UCLA Study Reveals Black Americans are More Likely to Die from “Deaths of Despair” Than White Americans

A new study from University of California, Los Angeles Health has found middle-aged Black Americans are more likely to die from “deaths of despair” than White Americans of a similar age. The study defines “deaths of despair” as those who occur from underlining mental health issues, such as drug and alcohol related deaths and suicides.

For their research, the study authors examined mortality data from the Centers for Disease Control and Prevention from 1999-2022. Across all racial groups, deaths of despair have escalated over the past two decades. White Americans deaths of despair increased from 72.2 per 100,000 people in 2013 to 102.6 per 100,000 people in 2022. In this same time period, Black Americans deaths of despair mortality rate tripled. In 2013, Black Americans were significantly less likely than White Americans to die from deaths of despair with a rate of 36.2 per 100,000 people. In 2022, Black Americans mortality rate from deaths of despair surpassed White Americans with a rate of 103.8 per 100,000 people. The authors noticed a particularly large increase in this mortality rate for African Americans starting in 2015.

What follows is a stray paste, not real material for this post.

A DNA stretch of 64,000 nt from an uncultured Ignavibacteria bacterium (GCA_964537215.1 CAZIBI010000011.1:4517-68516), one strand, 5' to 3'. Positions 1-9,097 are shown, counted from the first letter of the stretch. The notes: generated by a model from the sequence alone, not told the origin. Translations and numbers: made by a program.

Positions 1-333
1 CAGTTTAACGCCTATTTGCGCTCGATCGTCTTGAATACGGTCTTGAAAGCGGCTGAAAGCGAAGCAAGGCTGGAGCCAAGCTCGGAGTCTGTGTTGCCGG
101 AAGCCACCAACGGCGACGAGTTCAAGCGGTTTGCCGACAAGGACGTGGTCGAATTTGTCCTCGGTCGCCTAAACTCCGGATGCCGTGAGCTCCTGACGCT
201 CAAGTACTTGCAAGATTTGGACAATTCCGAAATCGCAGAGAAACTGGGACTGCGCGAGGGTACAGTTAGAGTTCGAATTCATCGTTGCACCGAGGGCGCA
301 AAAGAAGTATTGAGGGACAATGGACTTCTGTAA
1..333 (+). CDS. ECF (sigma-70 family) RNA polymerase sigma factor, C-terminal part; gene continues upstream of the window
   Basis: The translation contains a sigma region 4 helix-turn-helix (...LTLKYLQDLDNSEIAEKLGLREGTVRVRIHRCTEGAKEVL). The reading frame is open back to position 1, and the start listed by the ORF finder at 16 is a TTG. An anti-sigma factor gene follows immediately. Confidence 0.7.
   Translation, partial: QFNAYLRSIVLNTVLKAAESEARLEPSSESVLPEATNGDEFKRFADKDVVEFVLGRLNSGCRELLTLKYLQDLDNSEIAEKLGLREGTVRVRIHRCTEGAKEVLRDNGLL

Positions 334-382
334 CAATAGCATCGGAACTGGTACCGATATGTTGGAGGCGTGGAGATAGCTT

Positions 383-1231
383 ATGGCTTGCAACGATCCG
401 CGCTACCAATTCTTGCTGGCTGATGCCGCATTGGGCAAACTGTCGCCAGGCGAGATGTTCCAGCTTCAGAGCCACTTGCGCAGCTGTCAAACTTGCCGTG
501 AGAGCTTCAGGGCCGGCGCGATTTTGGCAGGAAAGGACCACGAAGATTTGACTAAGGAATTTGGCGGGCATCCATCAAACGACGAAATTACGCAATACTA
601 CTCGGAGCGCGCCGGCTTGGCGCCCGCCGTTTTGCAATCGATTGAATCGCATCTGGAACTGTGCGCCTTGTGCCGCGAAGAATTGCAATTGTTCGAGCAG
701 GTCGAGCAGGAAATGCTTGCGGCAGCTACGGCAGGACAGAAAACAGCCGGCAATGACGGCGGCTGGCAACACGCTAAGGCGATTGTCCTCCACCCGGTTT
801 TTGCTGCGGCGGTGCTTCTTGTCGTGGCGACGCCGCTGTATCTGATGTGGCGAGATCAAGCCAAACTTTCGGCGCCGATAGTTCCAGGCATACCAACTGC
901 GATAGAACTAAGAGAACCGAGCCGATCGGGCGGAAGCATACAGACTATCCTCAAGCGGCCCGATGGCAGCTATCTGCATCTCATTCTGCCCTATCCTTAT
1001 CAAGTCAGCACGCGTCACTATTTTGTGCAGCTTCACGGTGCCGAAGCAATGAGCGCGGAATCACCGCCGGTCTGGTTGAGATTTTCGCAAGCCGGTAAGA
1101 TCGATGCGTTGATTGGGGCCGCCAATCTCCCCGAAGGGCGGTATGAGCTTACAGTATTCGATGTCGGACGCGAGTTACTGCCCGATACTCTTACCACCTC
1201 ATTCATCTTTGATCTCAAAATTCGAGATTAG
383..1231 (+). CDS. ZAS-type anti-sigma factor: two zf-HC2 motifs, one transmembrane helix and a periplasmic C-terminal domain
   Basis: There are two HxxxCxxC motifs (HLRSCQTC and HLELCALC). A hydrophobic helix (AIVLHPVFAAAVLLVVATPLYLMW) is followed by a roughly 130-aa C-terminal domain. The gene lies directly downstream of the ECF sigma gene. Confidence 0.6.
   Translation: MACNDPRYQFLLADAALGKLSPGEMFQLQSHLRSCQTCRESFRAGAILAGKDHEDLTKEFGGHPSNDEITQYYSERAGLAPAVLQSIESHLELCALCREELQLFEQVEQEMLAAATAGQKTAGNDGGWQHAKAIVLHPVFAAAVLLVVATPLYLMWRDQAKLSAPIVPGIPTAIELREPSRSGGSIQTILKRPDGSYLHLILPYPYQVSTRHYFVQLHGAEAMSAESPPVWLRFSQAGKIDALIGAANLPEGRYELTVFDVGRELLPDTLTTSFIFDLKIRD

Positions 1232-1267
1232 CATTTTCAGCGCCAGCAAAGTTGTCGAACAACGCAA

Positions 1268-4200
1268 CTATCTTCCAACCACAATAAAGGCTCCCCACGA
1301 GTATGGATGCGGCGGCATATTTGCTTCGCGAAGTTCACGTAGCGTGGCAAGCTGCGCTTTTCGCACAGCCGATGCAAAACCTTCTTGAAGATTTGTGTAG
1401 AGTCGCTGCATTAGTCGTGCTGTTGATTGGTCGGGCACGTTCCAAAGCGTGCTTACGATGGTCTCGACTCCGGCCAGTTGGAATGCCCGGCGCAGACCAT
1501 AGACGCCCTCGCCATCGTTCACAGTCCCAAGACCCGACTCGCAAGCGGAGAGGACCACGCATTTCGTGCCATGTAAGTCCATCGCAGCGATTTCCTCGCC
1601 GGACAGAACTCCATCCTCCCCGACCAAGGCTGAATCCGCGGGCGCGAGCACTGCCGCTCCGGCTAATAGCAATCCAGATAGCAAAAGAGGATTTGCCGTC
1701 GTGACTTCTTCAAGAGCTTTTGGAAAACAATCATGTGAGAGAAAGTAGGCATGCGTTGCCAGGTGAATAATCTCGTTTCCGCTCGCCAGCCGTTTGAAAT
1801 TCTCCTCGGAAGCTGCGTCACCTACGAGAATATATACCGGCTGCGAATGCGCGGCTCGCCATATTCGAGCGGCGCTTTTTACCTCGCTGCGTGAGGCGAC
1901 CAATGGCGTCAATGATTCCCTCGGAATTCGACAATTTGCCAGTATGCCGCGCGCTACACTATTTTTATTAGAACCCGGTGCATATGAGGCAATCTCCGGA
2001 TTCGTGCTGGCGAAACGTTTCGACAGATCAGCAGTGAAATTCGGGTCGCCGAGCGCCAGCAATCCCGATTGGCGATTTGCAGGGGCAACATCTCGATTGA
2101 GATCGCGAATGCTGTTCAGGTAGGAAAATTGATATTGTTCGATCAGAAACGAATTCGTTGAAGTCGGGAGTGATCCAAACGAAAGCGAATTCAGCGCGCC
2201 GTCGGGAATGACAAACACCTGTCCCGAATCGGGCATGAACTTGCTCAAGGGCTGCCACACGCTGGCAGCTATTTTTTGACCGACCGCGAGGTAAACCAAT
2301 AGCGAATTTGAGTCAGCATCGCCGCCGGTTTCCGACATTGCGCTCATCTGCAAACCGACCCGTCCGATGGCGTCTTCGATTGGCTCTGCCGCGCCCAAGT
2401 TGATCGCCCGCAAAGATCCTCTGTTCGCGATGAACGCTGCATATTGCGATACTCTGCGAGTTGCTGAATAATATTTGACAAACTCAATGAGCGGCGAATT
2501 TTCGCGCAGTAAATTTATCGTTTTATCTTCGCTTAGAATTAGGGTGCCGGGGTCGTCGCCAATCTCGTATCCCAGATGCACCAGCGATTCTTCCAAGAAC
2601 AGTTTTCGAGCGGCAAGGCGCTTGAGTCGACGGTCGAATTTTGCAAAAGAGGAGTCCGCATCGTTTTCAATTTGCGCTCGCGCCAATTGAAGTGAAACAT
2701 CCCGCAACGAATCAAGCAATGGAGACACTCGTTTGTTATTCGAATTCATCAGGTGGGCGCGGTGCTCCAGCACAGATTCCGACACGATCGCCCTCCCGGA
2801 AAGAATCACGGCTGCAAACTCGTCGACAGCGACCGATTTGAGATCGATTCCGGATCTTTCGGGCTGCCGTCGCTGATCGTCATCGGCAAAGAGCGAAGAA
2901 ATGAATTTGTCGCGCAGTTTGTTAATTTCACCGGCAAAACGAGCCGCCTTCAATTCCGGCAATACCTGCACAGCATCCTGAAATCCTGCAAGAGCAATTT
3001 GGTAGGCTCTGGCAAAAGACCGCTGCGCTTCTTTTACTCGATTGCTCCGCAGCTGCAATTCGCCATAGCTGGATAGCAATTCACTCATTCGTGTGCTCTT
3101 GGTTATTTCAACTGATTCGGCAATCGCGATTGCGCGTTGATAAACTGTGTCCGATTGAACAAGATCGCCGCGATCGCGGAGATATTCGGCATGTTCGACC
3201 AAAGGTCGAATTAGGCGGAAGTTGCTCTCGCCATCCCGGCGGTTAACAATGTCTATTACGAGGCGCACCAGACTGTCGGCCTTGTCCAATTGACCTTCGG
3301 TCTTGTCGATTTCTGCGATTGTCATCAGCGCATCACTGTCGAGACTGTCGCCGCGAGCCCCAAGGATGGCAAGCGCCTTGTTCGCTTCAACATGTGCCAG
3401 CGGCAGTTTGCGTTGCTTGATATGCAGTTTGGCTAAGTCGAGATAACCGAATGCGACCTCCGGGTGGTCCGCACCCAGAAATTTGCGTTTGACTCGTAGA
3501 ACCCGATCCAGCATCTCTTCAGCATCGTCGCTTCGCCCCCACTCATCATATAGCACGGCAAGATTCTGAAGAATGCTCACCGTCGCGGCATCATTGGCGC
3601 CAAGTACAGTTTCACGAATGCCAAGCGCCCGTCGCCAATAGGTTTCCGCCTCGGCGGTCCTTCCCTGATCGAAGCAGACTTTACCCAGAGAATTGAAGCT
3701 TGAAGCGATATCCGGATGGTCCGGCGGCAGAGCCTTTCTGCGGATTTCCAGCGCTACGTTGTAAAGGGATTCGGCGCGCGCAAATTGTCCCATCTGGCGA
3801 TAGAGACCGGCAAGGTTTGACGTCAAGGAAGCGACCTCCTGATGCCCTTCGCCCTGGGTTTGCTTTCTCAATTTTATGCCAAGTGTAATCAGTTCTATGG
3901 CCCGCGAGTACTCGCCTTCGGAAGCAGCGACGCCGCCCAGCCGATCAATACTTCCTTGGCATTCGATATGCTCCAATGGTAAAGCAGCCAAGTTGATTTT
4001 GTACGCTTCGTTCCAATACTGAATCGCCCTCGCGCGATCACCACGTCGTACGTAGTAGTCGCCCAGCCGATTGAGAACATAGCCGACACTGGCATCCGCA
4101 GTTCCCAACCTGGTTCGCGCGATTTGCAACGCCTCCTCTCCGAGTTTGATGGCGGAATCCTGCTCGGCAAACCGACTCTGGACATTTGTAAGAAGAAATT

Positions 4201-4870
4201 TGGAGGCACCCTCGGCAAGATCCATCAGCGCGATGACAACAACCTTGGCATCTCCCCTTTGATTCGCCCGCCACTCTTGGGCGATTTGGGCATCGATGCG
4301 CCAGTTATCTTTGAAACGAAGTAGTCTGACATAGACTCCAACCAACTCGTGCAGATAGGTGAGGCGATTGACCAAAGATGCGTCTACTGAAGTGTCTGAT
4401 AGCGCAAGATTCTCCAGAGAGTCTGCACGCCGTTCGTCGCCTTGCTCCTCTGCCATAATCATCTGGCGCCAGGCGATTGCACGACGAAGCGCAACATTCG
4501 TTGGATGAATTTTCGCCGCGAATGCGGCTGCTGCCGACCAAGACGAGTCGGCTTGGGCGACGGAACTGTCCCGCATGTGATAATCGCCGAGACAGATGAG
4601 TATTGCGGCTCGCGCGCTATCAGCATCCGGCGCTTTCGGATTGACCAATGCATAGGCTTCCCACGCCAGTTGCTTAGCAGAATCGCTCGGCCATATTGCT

The research team believes their findings may be attributed to racial disparities in American healthcare, social services, and financial security, as well as the lingering hardships brought on by the COVID-19 pandemic. In order to reduce the racial disparities in mental health care, the study authors encourage policy makers to implement culturally-sensitive interventions that can increase access to mental health and substance abuse treatment among Black Americans and other historically underrepresented populations.

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